Swine Influenza A Viruses and the Tangled Relationship with Humans

Cold Spring Harb Perspect Med. 2021 Mar 1;11(3):a038737. doi: 10.1101/cshperspect.a038737.


Influenza A viruses (IAVs) are the causative agents of one of the most important viral respiratory diseases in pigs and humans. Human and swine IAV are prone to interspecies transmission, leading to regular incursions from human to pig and vice versa. This bidirectional transmission of IAV has heavily influenced the evolutionary history of IAV in both species. Transmission of distinct human seasonal lineages to pigs, followed by sustained within-host transmission and rapid adaptation and evolution, represent a considerable challenge for pig health and production. Consequently, although only subtypes of H1N1, H1N2, and H3N2 are endemic in swine around the world, extensive diversity can be found in the hemagglutinin (HA) and neuraminidase (NA) genes, as well as the remaining six genes. We review the complicated global epidemiology of IAV in swine and the inextricably entangled implications for public health and influenza pandemic planning.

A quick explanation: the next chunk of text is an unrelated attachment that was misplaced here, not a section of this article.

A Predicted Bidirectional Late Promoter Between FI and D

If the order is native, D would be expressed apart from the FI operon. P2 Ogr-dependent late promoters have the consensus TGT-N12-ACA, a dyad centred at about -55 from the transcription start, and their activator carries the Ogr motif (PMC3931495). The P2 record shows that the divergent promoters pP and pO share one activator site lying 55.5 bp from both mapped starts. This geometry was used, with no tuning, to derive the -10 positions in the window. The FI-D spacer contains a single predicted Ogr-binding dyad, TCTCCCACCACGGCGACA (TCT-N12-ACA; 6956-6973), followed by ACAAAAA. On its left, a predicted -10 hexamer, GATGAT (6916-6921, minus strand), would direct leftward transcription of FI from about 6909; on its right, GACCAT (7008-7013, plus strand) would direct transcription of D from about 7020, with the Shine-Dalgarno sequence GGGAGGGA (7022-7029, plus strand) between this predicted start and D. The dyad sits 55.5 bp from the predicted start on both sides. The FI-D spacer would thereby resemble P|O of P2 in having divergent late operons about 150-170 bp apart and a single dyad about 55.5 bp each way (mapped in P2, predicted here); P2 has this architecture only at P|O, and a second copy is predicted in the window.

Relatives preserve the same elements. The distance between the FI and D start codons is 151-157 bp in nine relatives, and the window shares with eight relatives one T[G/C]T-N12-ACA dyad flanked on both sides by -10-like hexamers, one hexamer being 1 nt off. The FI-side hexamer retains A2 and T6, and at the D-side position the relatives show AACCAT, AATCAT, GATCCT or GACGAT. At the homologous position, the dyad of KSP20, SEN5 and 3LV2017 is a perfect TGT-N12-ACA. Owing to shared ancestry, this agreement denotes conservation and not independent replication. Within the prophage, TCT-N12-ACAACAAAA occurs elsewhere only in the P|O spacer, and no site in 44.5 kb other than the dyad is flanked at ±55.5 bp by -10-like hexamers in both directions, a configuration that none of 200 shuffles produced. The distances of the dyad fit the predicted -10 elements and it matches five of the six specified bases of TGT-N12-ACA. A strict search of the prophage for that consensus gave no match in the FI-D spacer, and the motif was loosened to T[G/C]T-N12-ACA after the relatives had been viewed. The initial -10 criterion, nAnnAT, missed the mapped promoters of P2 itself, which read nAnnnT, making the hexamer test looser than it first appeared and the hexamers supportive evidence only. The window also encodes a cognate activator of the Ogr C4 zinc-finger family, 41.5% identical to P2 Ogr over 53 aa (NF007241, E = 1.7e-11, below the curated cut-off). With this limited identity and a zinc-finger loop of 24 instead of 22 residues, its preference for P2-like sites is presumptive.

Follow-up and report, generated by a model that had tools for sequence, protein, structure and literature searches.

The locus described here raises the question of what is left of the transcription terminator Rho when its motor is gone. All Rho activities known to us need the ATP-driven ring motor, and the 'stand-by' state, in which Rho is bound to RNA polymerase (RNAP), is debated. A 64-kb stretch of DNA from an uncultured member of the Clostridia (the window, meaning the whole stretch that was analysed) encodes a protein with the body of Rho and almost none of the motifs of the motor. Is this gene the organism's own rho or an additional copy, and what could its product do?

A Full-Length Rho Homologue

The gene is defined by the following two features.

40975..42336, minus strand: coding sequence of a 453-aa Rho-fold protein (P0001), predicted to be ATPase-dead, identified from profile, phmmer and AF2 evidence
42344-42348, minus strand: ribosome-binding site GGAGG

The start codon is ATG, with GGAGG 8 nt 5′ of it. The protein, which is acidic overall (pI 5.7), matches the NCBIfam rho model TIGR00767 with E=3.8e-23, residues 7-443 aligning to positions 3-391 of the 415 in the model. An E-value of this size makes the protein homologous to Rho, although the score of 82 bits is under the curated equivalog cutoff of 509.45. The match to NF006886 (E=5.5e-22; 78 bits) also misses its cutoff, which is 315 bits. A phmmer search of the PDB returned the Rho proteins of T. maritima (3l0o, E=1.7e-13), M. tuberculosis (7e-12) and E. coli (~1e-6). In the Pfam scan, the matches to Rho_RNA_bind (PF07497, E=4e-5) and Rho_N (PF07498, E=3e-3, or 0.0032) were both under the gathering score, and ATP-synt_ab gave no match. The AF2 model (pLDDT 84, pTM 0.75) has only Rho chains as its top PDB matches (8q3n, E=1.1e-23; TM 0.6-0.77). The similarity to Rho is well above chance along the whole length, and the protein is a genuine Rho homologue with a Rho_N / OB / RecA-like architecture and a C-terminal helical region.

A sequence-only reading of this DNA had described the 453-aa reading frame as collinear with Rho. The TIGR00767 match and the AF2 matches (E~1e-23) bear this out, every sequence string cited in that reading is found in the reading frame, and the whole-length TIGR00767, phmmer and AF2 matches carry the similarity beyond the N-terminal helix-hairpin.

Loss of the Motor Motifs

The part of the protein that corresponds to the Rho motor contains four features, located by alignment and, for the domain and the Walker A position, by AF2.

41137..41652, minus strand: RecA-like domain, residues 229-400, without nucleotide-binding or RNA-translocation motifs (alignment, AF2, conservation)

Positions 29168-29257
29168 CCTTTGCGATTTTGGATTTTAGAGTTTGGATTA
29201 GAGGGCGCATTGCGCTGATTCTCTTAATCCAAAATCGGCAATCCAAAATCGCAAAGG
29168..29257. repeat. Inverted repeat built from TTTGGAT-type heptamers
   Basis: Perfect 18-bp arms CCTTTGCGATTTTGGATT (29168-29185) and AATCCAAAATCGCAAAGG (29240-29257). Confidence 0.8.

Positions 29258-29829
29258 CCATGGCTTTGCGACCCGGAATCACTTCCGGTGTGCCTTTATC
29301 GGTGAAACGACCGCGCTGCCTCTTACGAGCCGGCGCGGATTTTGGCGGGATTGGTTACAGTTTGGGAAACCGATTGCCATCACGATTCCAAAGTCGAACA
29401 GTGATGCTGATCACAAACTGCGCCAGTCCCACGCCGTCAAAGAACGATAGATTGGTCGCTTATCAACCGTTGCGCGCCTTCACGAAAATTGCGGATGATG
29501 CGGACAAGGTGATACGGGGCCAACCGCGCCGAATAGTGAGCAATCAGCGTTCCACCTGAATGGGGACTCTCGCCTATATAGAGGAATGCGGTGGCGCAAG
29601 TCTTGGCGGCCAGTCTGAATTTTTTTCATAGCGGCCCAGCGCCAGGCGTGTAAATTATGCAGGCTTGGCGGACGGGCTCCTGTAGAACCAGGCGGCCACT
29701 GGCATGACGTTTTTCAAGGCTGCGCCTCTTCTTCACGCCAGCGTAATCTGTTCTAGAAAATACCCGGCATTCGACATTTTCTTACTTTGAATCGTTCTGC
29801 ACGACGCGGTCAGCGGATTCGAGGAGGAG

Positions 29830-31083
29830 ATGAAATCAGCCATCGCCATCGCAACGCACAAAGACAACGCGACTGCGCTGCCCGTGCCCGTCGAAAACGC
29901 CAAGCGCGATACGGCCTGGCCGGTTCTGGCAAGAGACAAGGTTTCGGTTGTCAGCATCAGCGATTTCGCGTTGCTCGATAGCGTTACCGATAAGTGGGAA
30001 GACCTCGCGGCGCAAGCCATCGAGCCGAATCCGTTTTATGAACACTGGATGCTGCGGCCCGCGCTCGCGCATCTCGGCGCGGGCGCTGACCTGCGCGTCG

Publication types

  • Research Support, N.I.H., Extramural
  • Research Support, U.S. Gov't, Non-P.H.S.
  • Research Support, U.S. Gov't, P.H.S.
  • Review

MeSH terms

  • Animals
  • Hemagglutination Inhibition Tests
  • Humans
  • Influenza A Virus, H1N1 Subtype / genetics
  • Influenza A Virus, H1N2 Subtype / genetics
  • Influenza A Virus, H3N2 Subtype / genetics
  • Influenza A virus / genetics*
  • Influenza, Human / epidemiology*
  • Orthomyxoviridae Infections / epidemiology*
  • Orthomyxoviridae Infections / transmission
  • Orthomyxoviridae Infections / virology
  • Phylogeny
  • Swine / virology*